There are stories that remain forever at the heart of the human experience and WITNESS, the latest virtual theater piece by Arlekin Players Theatre and Zero Gravity Virtual Theater Lab, is one of them. This world premiere and startlingly innovative work is based on an historical saga which began in 1939 when more than 900 Jewish people left Hamburg aboard the MS St. Louis fleeing persecution at the hands of the Third Reich and searching for a haven in Cuba on their way to America. Salvation was not easily found; the ship was turned away from Cuba, and Canada, and the U.S., and was left to roam the ocean in search of safe harbor. The ship finally returned to Europe where several countries took in many of the passengers, but 255 eventually died in the Holocaust.

The piece, directed and co-written by Arlekin’s Artistic Director Igor Golyak along with playwright Nana Grinstein and dramaturg Blair Cadden, was created using archival interviews and images from the US Holocaust Memorial Museum and an amalgam of digital derring-do by an international team of artists and technical experts. The result is a dazzling visual and aural virtual landscape in multiple languages designed to be performed live. There’s a rumbling storm on a darkening horizon; animation, voice over, and live tableaux starring members of the excellent and versatile Arlekin troupe, as well as interactive opportunities and on the spot pop-ups for the audience to find out more about the real people who were aboard the actual ship. The piece calls for alert, nimble participation and raises even more questions than it asks, even as it asks us to bear witness to the unthinkable.

Golyak’s work lives at the nexus of the ridiculous and the sublime, and the piece reflects this remarkable tonal texture. Thus the bitter irony of various “entertainments” onboard the ship– singers, magicians, dancers, and an emcee (Gene Ravvin) of a talent contest where we all vote for a winner. One act inevitably involves a house of cards… and suddenly we find ourselves laughing and crying at the absurd, desperate, and precarious plight of “Jews on the move,” their luck running out. With nowhere to land, this fragile flight of souls suggests some kind of awful, unbelievable reality show for a callous god.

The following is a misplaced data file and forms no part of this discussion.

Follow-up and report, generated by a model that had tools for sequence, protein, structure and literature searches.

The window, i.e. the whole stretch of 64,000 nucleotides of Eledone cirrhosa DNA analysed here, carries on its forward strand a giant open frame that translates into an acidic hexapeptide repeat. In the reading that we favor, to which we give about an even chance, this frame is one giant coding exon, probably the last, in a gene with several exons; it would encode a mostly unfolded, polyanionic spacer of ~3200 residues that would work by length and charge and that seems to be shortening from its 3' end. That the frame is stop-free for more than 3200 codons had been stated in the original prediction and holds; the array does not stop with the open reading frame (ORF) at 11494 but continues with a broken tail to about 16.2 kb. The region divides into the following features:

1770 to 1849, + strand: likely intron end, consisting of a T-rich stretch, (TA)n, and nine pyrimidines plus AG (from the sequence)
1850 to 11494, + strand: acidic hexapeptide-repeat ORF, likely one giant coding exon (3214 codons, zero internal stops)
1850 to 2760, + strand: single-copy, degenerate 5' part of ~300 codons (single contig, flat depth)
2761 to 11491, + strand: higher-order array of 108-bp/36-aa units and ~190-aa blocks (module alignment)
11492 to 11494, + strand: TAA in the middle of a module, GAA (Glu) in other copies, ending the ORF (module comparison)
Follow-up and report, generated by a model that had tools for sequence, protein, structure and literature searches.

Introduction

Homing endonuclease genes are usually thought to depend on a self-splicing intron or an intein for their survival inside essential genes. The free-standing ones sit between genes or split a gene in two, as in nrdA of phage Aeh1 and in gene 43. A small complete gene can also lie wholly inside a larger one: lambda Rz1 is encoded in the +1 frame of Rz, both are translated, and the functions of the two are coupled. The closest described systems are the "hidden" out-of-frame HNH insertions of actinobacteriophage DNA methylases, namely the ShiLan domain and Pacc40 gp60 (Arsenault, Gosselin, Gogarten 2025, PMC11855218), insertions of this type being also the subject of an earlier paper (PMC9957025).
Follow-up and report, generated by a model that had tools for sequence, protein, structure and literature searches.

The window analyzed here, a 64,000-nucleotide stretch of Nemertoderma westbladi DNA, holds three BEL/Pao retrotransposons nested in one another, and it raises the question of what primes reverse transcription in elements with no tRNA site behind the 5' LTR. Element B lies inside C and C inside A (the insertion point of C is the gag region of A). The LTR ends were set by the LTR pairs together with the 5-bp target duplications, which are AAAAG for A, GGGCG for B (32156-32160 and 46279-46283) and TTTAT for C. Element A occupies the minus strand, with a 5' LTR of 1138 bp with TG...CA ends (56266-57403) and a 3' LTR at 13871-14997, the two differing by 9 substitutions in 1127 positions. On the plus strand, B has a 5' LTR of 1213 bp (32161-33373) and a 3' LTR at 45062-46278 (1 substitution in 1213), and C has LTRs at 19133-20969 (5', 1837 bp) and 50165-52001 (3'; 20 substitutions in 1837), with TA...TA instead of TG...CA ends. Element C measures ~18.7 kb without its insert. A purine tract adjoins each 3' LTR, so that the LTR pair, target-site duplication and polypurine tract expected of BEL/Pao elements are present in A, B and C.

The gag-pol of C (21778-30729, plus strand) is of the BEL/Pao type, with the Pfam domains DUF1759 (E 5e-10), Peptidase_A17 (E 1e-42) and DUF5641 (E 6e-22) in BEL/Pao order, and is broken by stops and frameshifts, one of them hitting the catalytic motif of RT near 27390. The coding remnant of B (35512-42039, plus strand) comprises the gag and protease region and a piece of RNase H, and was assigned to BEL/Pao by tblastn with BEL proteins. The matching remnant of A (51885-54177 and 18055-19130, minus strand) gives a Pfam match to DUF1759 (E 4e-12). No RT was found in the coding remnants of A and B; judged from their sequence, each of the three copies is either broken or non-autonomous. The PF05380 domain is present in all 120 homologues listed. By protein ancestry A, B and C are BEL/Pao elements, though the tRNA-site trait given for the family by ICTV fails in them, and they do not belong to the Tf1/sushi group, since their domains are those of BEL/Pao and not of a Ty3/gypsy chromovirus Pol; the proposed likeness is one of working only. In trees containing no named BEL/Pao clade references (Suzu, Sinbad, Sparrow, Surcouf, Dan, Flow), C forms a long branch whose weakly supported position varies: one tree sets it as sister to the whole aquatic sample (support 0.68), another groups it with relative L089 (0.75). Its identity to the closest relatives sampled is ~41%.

Eventually the boat becomes directionless, as passengers group and regroup, question their plight, their faith, while time and space become elastic and a map becomes pointless in a world with no compass. Where to go? East? West? Does it matter? We find ourselves on the boat among the passengers, floating in a fog of everywhere and nowhere, the kernel of this circumstance exploding beyond its immediate factual, political, and personal borders, and into the realm of the universal.

We are certainly in mind of not only the perpetual diaspora of Jews seeking refuge around the world, over millennia, far and near –a Rabbi stabbed in front of a Jewish school in Brighton, MA, or Jews clinging to their borders in Israel. But we are also acutely aware of every migration now in progress around the world which is running out of space and time.

Golyak has centered the Jewish experience of the never-ending quest for safe harbor, and placed it at the heart of the  archetypal quest for HOME. WITNESS calls on us to do just that: to bear witness, to look outward and inward, not only at the rise of antisemitism around us, but at what that says about who we are and where we are headed. There’s a desperate race on now, at this existential tipping point, which may leave us nowhere. To be Jewish is perhaps to be the perpetual canary in the coal mine–where all of our lives are at stake. See WITNESS online January 14-23!